The Three Most Influential Differences Made By the Lakers This Off-season

The Lakers are definitely in a completely different position as they were last summer. Fans, players, and the teams actually know they have a full season ahead of them, since there is no lockout preventing that from happening. Unlike last off-season, management was able to communicate with players and their agents, and fortunately for us Lakers fans, they take full advantage of it.

Lakers fans sure have a lot to look forward to in the upcoming season and for seasons to come. It is amazing what can happen in one off-season and with the right personnel in the team’s management. Yes, I’m talking to you Mitch Kupchak. So, I want to explore the top three influential differences that the Lakers made this off-season compared to last that will hopefully give a better understanding of what we as fans can expect come October 30th.

Princeton Offense

It is now known that the Lakers will use the Princeton Offense as their primary offensive strategy, along with what succeeded in the offense last season under Mike Brown. This plan is much anticipated from the Lakers since it was very apparent that the team continually struggled with Brown’s offensive system, especially as he is a more defensive minded coach. The Lakers needed a shakeup on offense, which was why Kobe Bryant pulled hard to bring in Eddie Jordan and his teaching of the Princeton Offense to the Lakers.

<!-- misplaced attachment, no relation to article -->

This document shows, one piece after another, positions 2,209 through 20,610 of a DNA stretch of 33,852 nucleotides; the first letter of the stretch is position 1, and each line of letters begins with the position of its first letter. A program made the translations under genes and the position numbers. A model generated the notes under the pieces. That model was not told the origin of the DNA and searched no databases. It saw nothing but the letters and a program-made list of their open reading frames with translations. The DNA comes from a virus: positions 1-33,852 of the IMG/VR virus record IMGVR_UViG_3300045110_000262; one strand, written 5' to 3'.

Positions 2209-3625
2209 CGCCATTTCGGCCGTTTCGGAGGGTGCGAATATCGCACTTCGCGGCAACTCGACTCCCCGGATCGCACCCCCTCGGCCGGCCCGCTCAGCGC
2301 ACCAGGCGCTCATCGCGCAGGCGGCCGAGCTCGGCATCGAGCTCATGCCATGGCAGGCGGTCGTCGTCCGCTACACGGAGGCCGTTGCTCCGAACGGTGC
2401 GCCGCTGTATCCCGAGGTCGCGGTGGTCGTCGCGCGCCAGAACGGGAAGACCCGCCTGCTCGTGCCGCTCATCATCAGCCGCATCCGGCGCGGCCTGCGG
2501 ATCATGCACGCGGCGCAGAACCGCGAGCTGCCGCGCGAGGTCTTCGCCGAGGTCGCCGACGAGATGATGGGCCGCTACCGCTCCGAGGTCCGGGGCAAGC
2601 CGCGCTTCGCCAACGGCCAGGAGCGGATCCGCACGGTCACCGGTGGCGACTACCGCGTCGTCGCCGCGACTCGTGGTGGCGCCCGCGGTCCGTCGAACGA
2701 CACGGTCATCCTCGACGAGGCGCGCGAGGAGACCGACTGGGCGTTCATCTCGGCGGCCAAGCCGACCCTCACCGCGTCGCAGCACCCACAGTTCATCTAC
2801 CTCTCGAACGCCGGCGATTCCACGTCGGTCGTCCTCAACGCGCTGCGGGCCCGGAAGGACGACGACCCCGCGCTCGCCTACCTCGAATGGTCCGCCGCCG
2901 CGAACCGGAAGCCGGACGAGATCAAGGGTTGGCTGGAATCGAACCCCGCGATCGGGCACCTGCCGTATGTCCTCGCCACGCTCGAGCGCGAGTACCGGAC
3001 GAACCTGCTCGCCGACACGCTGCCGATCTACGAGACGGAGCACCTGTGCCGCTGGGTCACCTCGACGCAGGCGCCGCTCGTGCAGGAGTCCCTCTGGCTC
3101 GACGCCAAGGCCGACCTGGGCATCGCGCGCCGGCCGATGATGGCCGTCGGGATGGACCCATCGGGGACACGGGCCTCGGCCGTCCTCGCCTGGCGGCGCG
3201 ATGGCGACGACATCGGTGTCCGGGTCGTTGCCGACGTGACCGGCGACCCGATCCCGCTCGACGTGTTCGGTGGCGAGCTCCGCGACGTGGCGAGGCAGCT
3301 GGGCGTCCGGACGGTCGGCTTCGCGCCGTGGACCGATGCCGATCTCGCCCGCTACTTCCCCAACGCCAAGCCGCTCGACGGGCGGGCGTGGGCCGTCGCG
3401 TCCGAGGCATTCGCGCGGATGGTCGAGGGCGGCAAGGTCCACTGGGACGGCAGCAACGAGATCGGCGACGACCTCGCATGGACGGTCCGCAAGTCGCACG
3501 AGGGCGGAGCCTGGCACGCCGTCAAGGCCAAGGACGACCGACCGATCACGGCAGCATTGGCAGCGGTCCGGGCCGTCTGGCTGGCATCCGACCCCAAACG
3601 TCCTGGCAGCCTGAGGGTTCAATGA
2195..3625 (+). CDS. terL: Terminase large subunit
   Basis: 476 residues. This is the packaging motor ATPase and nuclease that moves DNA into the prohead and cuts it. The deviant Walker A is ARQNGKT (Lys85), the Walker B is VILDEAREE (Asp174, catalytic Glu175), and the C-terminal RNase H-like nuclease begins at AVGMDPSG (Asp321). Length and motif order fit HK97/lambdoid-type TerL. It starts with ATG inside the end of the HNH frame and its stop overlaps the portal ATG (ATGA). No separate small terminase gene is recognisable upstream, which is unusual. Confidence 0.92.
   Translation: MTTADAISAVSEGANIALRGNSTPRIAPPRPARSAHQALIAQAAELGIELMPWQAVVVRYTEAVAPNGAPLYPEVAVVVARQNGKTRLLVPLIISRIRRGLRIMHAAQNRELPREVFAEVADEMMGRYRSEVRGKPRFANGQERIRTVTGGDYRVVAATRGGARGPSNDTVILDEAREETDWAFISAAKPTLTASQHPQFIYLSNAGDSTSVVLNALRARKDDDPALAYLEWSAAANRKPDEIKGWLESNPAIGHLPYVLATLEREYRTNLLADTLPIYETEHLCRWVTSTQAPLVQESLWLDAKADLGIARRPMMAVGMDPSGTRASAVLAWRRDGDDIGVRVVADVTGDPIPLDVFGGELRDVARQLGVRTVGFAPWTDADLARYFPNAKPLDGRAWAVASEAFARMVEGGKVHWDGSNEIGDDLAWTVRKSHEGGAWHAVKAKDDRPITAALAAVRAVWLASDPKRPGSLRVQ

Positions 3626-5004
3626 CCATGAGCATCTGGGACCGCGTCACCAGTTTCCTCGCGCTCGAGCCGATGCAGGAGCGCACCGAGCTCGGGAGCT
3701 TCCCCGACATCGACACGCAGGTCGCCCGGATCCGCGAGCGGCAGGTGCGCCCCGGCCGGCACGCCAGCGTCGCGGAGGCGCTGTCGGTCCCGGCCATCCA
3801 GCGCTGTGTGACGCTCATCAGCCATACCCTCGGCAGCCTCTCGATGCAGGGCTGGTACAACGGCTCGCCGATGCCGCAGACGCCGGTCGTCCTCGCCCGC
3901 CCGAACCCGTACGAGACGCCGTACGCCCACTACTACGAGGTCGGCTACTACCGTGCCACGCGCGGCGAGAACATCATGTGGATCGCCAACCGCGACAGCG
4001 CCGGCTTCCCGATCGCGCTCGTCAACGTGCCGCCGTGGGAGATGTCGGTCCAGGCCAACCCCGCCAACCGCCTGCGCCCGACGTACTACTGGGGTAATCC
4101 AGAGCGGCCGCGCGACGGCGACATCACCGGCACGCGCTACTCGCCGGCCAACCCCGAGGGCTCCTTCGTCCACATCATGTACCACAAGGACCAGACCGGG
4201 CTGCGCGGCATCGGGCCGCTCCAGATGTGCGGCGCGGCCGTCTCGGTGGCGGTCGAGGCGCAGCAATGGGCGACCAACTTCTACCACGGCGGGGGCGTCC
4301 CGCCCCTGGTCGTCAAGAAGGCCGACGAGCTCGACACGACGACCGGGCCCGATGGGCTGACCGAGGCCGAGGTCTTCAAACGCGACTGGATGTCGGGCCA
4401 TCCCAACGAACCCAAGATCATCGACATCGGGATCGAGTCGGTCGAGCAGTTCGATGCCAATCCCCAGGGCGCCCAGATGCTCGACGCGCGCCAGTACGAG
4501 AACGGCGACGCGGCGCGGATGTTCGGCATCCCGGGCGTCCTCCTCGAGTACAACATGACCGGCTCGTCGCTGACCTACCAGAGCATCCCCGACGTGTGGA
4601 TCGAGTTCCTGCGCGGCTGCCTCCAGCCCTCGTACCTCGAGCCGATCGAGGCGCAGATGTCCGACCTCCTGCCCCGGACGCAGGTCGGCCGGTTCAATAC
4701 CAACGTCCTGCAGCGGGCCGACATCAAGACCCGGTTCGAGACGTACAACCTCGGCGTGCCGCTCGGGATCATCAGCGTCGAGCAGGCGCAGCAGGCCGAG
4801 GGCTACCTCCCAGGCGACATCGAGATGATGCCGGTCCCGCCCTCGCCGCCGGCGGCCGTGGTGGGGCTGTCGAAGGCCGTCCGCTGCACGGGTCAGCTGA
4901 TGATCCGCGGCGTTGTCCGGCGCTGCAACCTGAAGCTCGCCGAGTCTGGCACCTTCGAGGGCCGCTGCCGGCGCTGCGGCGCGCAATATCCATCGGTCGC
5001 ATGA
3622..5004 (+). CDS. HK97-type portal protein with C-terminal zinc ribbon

I’ll leave it to Pete Carril, the originator of the Princeton Offense and Eddie Jordan’s mentor, to say how the system will work in LA:

They have the right ingredients, all the passers. They have really good passers there. The only one I don’t really know much about as a passer is Howard. But [Pau] Gasol can pass and he can shoot, and of course Bryant and Nash can shoot, and whatever they call him now [Metta World Peace], I know he can pass. It all depends on Howard, and then what kind of bench they have.

I know Jodie Meeks is a shooter. He makes shots. And Antawn Jamison is not a shooter, but he can play. Eddie knows all about him from having coached him in Washington.

The New and Improved Roster

Unless you have been living under a rock, or actually even if you have, you probably know that the Lakers have improved and upgraded their roster this summer. First came the still shocking news that they traded future draft picks for Steve Nash. Yes, Steve Nash. It has been quite a while since the Lakers have had a point guard of  Nash’s caliber. The two-time MVP brings so many benefits to the Lakers including: direction, passing ability, basketball IQ, shooting accuracy, court vision and ability to create something out of nothing. Having Nash join Kobe Bryant in the back-court not only is a major problem for opponents to defend, but makes every single of their teammates better as well.